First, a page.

50 Slides modified by Benny Chor, based on original slides by Maurice Herlihy, Brown Univ. p. 50 Reducibility If A is reducible to B, then A cannot be harder than B if B is decidable, so is A. if A is undecidable and reducible to B, then B is undecidable.

51 Slides modified by Benny Chor, based on original slides by Maurice Herlihy, Brown Univ. p. 51 Additional Undecidable Problems We have already established that A TM is undecidable. Here is a related problem the original halting problem (of Shoshana and Uri :-). H TM = { M,w M is a TM and M halts on input w} Clarification: How does H TM differ from A TM?

52 Slides modified by Benny Chor, based on original slides by Maurice Herlihy, Brown Univ. p. 52 Undecidable Problems H TM = { M,w M is a TM and M halts on input w} Theorem: H TM is undecidable. Proof idea: By contradiction. Assume H TM is decidable. Let R be a TM that decides H TM. Use R to construct S, a TM that decides A TM. So A TM is reduced to H TM. Since A TM is undecidable, so is H TM.

53 Slides modified by Benny Chor, based on original slides by Maurice Herlihy, Brown Univ. p. 53 Undecidable Problems Theorem: H TM is undecidable. Proof: Assume, by way of contradiction, that TM R decides H TM. Define a new TM, S, as follows: On input M,w, run R on M,w. If R rejects, reject. If R accepts (meaning M halts on w), simulate M on w until it halts (namely run U on M,w ). If M accepted, accept; otherwise reject. TM S decides A TM, a contradiction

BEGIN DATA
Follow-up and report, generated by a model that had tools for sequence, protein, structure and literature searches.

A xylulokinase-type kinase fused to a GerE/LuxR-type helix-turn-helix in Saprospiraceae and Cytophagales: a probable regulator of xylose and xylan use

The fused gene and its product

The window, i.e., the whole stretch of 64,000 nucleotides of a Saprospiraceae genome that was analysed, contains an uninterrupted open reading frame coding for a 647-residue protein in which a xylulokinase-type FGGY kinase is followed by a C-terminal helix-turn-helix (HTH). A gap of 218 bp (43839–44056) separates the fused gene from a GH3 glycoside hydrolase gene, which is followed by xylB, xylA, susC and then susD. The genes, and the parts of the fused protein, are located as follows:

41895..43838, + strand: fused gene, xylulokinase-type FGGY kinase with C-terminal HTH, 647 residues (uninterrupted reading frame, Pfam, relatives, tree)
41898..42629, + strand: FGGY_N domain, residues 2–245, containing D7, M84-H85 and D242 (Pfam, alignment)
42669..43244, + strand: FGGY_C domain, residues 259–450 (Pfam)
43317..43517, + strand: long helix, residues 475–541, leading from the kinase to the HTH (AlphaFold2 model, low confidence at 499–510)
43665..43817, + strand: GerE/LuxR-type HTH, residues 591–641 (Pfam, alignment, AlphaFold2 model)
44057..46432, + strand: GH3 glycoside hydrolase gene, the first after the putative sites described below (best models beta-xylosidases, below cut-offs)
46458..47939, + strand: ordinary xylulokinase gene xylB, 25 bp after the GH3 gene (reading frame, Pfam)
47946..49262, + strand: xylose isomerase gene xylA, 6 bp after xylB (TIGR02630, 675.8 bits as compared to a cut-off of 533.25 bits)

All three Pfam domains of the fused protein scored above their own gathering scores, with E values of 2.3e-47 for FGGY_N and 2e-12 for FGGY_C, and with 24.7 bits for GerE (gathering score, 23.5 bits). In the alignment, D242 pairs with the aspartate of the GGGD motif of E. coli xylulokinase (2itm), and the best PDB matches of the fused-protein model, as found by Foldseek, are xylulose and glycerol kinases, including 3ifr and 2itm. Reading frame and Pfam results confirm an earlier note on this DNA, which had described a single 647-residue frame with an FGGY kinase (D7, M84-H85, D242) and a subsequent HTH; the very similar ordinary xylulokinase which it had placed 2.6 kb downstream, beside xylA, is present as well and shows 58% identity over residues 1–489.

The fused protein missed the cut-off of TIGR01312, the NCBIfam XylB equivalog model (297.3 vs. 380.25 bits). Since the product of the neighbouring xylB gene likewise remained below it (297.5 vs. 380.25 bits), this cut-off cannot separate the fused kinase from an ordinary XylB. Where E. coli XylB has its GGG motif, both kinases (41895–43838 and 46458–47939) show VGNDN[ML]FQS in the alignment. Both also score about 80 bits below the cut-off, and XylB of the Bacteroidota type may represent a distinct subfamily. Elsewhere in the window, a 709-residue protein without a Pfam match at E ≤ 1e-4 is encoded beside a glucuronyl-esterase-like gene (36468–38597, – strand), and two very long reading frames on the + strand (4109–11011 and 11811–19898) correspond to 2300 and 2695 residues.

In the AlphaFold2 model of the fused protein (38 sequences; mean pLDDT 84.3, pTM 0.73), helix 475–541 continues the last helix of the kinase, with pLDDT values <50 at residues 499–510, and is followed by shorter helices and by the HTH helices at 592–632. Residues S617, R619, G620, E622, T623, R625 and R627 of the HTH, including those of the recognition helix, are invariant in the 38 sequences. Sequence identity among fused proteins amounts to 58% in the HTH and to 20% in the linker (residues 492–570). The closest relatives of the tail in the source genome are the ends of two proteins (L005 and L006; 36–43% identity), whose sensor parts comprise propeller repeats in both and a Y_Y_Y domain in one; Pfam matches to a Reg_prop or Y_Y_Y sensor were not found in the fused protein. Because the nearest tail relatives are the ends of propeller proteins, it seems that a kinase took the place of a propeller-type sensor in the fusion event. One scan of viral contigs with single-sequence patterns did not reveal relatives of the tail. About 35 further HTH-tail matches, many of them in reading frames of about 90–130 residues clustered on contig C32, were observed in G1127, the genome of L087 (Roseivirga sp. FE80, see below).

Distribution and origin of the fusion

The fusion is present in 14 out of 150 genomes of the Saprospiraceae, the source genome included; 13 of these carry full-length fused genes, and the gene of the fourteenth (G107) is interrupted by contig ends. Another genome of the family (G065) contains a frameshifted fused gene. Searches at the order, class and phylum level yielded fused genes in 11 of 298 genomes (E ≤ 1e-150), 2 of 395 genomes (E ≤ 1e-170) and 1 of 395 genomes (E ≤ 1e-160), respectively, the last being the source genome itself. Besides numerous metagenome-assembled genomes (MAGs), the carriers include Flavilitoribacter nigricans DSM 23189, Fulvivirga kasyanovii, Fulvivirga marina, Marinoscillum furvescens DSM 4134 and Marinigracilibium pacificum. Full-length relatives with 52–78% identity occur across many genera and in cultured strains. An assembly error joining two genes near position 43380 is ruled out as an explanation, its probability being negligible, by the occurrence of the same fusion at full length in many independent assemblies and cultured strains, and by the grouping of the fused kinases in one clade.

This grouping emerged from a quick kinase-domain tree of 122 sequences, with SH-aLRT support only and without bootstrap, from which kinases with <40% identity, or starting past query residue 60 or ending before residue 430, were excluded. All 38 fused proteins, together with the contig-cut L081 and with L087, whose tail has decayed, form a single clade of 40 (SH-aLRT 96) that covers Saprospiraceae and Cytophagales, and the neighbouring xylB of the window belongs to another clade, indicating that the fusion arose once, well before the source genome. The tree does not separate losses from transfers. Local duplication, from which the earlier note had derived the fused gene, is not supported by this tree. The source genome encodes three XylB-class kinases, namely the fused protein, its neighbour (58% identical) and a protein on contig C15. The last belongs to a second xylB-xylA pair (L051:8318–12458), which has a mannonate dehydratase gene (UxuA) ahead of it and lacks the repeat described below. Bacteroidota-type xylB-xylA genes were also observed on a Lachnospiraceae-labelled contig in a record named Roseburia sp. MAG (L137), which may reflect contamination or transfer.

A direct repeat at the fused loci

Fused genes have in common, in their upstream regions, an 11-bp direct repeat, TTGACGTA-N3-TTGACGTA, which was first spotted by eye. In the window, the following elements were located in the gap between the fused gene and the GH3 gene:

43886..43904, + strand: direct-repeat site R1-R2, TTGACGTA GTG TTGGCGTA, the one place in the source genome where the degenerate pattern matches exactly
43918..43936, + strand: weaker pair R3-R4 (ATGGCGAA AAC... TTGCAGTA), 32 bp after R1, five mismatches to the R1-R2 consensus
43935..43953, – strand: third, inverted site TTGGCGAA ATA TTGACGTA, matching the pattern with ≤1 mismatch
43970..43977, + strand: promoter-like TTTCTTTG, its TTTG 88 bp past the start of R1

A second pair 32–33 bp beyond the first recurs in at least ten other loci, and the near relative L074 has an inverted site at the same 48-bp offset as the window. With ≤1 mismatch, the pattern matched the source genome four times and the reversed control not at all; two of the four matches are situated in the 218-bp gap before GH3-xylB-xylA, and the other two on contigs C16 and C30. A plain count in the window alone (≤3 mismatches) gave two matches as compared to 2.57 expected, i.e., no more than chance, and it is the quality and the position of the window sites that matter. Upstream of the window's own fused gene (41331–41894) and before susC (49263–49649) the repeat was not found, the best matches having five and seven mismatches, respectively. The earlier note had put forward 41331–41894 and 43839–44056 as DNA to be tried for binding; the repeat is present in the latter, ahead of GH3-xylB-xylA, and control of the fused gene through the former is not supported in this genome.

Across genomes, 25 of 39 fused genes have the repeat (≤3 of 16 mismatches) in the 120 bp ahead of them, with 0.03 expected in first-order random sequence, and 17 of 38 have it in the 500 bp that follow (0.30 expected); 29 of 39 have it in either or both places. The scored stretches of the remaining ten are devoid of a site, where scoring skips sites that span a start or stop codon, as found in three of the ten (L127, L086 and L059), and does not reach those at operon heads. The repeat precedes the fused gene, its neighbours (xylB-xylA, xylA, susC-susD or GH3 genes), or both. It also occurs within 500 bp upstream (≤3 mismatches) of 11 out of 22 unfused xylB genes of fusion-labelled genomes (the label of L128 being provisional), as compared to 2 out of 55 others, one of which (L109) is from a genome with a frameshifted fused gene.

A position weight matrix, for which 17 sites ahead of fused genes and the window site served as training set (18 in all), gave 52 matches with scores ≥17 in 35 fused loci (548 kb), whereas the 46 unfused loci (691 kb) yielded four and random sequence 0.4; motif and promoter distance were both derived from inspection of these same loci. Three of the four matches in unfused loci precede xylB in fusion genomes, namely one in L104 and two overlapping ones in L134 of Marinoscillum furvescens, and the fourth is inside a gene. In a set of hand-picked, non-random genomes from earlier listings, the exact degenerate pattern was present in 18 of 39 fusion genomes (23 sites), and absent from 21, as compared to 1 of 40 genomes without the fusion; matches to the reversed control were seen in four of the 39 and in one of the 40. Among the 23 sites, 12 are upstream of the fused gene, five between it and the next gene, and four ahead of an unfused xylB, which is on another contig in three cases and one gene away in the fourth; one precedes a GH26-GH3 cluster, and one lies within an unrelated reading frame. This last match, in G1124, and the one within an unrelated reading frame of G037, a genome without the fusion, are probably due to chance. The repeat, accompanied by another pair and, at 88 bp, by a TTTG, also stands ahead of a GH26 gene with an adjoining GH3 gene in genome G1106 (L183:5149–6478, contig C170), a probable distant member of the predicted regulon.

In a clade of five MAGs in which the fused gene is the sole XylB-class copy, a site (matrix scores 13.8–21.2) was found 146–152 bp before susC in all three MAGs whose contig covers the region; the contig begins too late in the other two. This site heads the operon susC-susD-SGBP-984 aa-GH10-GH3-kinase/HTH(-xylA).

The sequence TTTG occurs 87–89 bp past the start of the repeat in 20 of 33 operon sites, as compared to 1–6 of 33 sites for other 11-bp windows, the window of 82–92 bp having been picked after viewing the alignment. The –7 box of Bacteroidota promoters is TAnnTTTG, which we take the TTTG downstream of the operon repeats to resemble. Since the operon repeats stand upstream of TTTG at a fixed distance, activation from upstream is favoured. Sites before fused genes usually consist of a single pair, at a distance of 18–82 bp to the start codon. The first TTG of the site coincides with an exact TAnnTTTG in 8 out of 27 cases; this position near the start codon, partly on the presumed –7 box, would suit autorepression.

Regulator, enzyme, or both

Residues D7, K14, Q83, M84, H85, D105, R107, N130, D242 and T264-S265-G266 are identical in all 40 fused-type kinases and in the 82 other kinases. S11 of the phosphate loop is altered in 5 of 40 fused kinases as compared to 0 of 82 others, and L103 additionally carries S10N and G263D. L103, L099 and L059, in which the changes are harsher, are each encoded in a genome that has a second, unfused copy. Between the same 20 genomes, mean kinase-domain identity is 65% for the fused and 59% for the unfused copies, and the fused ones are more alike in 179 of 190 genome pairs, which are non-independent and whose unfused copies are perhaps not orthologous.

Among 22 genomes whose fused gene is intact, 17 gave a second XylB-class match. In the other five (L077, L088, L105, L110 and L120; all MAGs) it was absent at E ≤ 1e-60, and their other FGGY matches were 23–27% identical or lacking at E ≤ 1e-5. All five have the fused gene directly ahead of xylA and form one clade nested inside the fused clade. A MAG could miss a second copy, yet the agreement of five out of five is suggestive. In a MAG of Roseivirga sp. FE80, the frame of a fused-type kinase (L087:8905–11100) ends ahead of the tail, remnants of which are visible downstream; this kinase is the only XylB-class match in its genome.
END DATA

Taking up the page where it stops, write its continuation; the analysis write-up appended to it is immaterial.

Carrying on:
54 Slides modified by Benny Chor, based on original slides by Maurice Herlihy, Brown Univ. p. 54 Undecidable Problems H TM = { M,w M is a TM and M halts on input w} Theorem: H TM is undecidable. What we actually did was a reduction from A TM to H TM. This will be formalized later.

55 Slides modified by Benny Chor, based on original slides by Maurice Herlihy, Brown Univ. p. 55 Undecidable Problems (2) Does a TM accept any string at all? EMPTY TM = { M M is a TM and L(M) = } Theorem: EMPTY TM is undecidable. Proof structure: By contradiction. Assume EMPTY TM is decidable. Let R be a TM that decides EMPTY TM. Use R to construct S, a TM that decides A TM.